Carman Moore

CarmanMoore700Carman Moore, 2015

On Februry 27, 2015, in Carnegie Hall's Zankel Hall, the ACO (American Composer's Orchestra), with Khari Joyner, solo cellist, performed the world premiere of Carman Moore's Madiba, commissioned by ACO and inspired by the life of Nelson Mandela.

mandelaNelson Mandela surrounded by artists who performed in the 46664 Arctic Concert in Tromso, Norway, on June 11 2005, held to benefit the campaign against AIDS in Africa. The number 46664 comes from the second time that Mandela was imprisoned on Robben Island as the 466th prisoner in 1964.

Carman Moore writes:

"The extraordinary life of Nelson Mandela, affectionately called 'Madiba', was both my inspiration and my formal guide in composing MADIBA (the name being also that of Mr. Mandela’s South African clan).

"The instrumentation of MADIBA is more specifically 'cast' than I’ve ever found the need for in the past, with the solo cello representing the Mandela voice and soul and the strings and woodwinds basically representing the oppressed native South African population trying to freely express itself.  And in opposition the brass section acts as the strident voice of apartheid, shouting down the strings and winds at every turn and calling up fortissimo drums as their artillery.  The struggle and constant skirmishes musically between the two forces is followed by the “bass clef” darkness of the cello’s imprisonment, during which at a key moment a duet between solo cello and solo tuba leads to both the triumphant moment of freedom and a quiet stretch in which one might imagine the musical equivalent of 'truth and reconciliation.'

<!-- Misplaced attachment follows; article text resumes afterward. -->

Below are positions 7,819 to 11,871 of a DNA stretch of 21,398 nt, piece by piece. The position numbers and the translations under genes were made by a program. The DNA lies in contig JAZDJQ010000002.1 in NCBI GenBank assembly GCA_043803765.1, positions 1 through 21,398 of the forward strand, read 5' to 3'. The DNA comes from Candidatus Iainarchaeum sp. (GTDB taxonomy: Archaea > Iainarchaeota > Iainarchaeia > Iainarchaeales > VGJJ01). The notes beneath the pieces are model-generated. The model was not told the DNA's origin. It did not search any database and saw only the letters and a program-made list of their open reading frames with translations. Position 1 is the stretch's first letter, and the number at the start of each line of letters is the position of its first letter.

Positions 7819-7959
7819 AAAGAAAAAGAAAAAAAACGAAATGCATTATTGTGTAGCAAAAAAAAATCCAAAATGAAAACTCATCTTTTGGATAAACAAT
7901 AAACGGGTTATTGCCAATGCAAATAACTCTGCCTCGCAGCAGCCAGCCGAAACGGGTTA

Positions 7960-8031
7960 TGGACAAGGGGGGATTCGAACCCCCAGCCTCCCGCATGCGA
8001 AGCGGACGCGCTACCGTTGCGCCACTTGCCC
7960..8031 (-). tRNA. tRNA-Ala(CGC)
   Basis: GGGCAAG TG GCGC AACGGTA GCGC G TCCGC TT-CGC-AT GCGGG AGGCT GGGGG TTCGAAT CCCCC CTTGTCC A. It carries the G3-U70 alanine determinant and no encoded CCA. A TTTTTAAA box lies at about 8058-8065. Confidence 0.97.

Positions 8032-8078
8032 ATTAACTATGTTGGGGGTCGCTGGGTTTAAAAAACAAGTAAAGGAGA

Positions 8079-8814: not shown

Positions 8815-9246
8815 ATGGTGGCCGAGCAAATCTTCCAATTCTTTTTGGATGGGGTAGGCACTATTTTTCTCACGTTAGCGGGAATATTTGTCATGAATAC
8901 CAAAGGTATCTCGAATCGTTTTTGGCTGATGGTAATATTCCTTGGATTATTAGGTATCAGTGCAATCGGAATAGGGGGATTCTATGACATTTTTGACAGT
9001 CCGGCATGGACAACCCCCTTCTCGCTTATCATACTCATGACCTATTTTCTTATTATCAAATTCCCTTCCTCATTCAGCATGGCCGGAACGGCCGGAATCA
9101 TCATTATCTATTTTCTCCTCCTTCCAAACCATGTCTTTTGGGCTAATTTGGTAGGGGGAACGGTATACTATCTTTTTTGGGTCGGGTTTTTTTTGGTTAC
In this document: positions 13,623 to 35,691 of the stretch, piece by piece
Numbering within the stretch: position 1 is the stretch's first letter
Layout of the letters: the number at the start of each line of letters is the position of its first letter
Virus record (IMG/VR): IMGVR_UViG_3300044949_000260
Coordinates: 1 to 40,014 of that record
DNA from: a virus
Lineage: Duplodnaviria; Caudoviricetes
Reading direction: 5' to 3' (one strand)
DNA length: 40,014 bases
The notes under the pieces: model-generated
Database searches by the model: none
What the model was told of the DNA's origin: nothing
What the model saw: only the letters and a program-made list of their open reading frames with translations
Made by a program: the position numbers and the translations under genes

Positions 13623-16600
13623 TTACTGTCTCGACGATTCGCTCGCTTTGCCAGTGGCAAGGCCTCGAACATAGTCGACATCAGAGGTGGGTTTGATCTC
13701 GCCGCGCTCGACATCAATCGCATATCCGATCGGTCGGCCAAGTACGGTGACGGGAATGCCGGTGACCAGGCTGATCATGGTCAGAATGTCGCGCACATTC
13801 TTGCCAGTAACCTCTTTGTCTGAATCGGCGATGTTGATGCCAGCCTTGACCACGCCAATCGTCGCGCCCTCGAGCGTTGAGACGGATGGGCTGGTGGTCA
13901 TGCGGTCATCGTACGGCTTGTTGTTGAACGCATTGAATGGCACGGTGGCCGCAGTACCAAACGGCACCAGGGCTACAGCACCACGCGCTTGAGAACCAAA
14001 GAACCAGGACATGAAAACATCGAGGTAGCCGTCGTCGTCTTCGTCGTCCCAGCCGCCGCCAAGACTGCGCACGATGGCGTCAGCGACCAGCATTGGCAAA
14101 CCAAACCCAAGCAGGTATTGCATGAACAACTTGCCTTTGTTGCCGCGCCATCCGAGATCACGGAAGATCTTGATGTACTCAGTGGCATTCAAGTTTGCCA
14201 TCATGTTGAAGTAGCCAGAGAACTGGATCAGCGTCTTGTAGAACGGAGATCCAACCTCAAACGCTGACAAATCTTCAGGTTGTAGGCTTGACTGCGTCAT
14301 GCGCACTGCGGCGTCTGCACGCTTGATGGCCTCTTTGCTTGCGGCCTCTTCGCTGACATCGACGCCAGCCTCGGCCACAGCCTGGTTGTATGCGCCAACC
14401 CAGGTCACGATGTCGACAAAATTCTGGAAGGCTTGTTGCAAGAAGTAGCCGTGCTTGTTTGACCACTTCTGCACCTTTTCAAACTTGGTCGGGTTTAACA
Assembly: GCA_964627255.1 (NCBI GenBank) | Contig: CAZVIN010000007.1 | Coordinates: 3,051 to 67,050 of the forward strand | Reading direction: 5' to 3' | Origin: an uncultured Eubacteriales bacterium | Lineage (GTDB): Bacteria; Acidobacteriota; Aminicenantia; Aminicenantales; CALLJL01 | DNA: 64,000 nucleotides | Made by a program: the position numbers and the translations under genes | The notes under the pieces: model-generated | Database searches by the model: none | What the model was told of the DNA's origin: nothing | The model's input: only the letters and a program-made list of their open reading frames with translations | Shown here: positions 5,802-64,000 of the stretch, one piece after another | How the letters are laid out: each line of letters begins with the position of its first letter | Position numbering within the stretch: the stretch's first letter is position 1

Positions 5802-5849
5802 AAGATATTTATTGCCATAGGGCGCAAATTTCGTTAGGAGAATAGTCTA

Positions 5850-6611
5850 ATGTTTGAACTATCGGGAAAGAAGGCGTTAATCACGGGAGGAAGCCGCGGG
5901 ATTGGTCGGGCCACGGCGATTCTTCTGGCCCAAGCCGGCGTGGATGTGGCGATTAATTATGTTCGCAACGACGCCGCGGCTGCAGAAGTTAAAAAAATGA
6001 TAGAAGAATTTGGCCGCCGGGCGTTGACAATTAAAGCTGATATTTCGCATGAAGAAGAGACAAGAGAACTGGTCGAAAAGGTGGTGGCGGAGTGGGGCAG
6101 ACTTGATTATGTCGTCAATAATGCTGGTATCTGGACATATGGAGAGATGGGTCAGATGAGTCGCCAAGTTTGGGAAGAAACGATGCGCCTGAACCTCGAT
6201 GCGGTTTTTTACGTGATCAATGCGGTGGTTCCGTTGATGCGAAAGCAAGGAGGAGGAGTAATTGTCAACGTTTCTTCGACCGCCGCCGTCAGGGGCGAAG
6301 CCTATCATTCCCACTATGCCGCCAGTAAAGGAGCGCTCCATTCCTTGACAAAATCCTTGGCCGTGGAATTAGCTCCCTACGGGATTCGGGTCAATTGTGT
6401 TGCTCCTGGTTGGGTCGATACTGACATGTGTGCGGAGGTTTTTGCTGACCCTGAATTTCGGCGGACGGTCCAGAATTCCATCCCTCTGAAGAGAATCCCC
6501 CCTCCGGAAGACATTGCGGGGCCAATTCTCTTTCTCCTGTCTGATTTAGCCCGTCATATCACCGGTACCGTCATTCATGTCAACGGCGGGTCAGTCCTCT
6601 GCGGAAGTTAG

"Some harmonizing in the work is inspired by the world-renowned South African choral singing.  Even the famed 'click' in certain words in the Xhosa language, disembodied here, is referred to on the wood blocks and rattles (though not in the context of actual speech). 

"I feel it of some value to performers of MADIBA to know the foregoing aspects of my thinking while performing this piece. Yet it is also my belief that MADIBA works as a composition without any non-musical information at all.

"The above-mentioned factors were used as references and inspiration and were not the result of deep scholarship.  What I offer is my love and respect for one of the greatest men of the 20th /21st Centuries.  What I offer is my take in music on Madiba and his South Africa."

Carman Moore’s credits include commissions and performances by the N.Y. Philharmonic (WILDFIRES AND FIELD SONGS), Cleveland Orchestra, Chamber Music Society of Lincoln Center (THE MYSTERY OF TAO), the Dayton Opera Company, the Orchestra of the Sorbonne, and the San Francisco Symphony Orchestra (GOSPEL FUSE), among others. His multimedia MASS FOR THE 21ST CENTURY for which he created both words and music was commissioned by Lincoln Center and premiered outdoors in 1994 before audiences of thousands.

Moore was the composition student of Hall Overton, Vincent Persichetti and Luciano Berio at The Juilliard School. He has taught at the Yale University School of Music, Queens and Brooklyn Colleges, Carnegie-Mellon University, and Manhattanville College. He and the Skymusic Ensemble, which he founded and conducts, were long-time Artists in Residence at New York’s St. John the Divine Cathedral.

Mr. Moore has recently co-created and toured with Danish singer Lotte Arnsbjerg the multi-media song cycle GIRL OF DIAMOND MOUNTAIN, a work concerned with the world-wide scourge of child sexual abuse. His MADIBA honoring the late Nelson Mandela, was commissioned and will be premiered by the American Composers Orchestra on February 27, 2015. His CONCERTO FOR ORNETTE was premiered in 2013 at Juilliard by The New Juilliard Ensemble Orch. In 2013 he was awarded a Guggenheim Fellowship. In October of 2014 Moore conducted his music for the UN General Assembly.